Cinnamon is a spice that originally comes from Sri Lanka and was often used in ancient times because of its health-promoting properties. Cinnamon is tasty and has many positive properties. It strengthens the immune system because it is rich in vitamins B1 and C, as well as iron, magnesium and calcium. The spice has an antiseptic, anti-inflammatory and analgesic effect.
It can lower cholesterol and counteract diabetes. Cinnamon contains fiber and its own thermogenic effect boosts fat burning. This can reduce the cravings for sweets. Instead of cutting off another slice of stollen, it's better to enjoy a cup of cinnamon tea.
Most families have the obligatory goose on the table at Christmas. But it doesn't always have to be a luscious roast goose that is heavy on the stomach. A lighter, but no less tasty alternative is fish. It is impossible to imagine Mediterranean cuisine without it and there is a reason for that. Because fish is a supplier of many important minerals and trace elements.
It is rich in iodine, vitamins A, D and many B vitamins. In addition, fish contains important saturated fatty acids, especially the omega-3 fatty acids, which protect the heart and circulation and thus reduce the risk of a heart attack or stroke. Fish is also very low in cholesterol. Salmon, carp, eel, mackerel and trout are particularly popular in this country. Fried, steamed or boiled, fish is a very good alternative to fondue or roast goose.
The Christmas holidays are pure stress for the stomach and intestines. But they don't have to degenerate into a dining marathon. Breakfast, lunch, afternoon coffee, and dinner - over several days - mean heavy work for the digestive tract, as there is often not enough time to digest the food.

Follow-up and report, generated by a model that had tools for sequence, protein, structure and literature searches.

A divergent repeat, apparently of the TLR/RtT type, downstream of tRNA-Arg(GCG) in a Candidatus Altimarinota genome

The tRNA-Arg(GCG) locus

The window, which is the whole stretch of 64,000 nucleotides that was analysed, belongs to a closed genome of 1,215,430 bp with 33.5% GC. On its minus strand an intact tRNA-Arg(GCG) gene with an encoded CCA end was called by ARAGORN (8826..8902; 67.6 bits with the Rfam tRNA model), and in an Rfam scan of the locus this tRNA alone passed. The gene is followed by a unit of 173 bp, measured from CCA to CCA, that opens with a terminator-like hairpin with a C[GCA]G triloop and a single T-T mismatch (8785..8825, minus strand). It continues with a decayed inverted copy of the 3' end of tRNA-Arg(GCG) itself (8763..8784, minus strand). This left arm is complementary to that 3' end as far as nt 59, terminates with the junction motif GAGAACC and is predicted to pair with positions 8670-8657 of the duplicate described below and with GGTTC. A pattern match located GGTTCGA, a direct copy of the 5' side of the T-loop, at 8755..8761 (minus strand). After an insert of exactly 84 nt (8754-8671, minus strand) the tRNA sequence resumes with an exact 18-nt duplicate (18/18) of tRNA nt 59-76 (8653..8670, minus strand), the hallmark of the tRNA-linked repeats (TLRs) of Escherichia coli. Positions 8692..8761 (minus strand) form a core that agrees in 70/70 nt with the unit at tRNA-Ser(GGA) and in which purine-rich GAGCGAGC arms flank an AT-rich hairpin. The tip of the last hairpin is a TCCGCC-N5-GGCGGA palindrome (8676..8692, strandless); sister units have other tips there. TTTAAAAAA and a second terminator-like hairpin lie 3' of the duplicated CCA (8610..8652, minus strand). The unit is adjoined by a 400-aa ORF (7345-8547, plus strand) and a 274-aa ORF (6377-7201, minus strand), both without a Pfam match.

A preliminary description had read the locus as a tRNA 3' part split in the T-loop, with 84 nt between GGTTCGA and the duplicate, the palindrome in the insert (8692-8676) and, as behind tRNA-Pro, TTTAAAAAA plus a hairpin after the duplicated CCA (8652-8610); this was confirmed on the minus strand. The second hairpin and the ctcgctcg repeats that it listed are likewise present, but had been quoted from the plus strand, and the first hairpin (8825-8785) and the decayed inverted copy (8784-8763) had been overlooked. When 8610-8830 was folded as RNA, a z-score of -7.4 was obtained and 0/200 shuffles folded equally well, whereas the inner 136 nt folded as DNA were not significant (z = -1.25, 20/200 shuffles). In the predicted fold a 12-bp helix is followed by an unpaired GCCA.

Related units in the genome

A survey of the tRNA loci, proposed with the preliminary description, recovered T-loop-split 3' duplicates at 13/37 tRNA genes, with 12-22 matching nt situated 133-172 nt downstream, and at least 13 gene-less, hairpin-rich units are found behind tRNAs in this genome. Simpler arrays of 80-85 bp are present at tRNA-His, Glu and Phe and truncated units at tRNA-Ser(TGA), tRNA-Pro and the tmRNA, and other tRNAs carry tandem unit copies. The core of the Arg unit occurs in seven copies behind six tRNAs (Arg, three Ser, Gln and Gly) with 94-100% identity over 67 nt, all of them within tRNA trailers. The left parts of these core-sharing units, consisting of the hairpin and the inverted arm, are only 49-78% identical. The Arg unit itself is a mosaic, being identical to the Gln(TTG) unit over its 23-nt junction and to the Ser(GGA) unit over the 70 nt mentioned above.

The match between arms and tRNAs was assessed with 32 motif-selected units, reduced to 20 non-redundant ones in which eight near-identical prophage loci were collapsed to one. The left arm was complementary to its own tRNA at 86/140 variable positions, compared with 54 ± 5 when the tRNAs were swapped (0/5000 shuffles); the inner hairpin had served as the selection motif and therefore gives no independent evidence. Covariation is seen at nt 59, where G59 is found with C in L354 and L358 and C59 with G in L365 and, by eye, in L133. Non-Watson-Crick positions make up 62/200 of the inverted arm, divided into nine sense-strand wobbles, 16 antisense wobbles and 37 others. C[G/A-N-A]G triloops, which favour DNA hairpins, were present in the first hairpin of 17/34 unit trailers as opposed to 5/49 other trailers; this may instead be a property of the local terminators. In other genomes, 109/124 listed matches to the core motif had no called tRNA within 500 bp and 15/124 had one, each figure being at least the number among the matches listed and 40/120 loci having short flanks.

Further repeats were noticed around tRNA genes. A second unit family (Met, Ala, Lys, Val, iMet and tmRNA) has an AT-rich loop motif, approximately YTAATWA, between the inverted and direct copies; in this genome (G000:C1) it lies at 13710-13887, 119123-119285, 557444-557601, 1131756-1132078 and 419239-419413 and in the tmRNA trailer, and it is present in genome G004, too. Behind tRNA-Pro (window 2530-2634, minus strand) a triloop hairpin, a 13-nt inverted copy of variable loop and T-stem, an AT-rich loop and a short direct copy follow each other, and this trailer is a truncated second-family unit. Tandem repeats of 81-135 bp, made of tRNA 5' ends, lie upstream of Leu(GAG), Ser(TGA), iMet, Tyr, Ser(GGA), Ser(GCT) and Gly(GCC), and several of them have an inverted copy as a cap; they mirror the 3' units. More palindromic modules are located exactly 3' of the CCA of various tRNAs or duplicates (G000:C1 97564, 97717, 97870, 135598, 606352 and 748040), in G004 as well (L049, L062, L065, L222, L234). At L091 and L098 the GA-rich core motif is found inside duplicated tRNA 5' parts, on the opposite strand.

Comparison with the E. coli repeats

However, ideally, there should be several hours between meals. The body uses this time to digest food and burn fat. However, if he is constantly being supplied with "food", this system gets out of hand. It should therefore be considered whether one can perhaps do without lunch or afternoon coffee.
Red cabbage is a popular side dish with Christmas goose. The vegetables contain vitamin C, selenium, folic acid and potassium and are also very low in calories. Not only cooked, but also raw it is a healthy pleasure. A salad made from red cabbage is a light and tasty alternative and can be combined with apples or pears.
But other types of vegetables can also be served as raw vegetables. Carrots or celery, for example, can be cut into sticks and served with dips. A colorful salad plate provides many important vitamins, is a healthy side dish and can even be the main meal.
The Christmas holidays don't have to be a calorie trap. The suggestions mentioned here show that it is possible to ensure a healthy and balanced diet and not gain weight even during the festive season. However, all of this is only half as effective when the only movement is to walk from the dining table to the couch and back again.
Getting enough exercise also helps boost your metabolism. Anyone who completes a sports program in everyday life should continue this over Christmas. But it doesn't necessarily have to be jogging through the park or going to the gym. Ice skating or a long walk can also counteract the holiday sluggishness.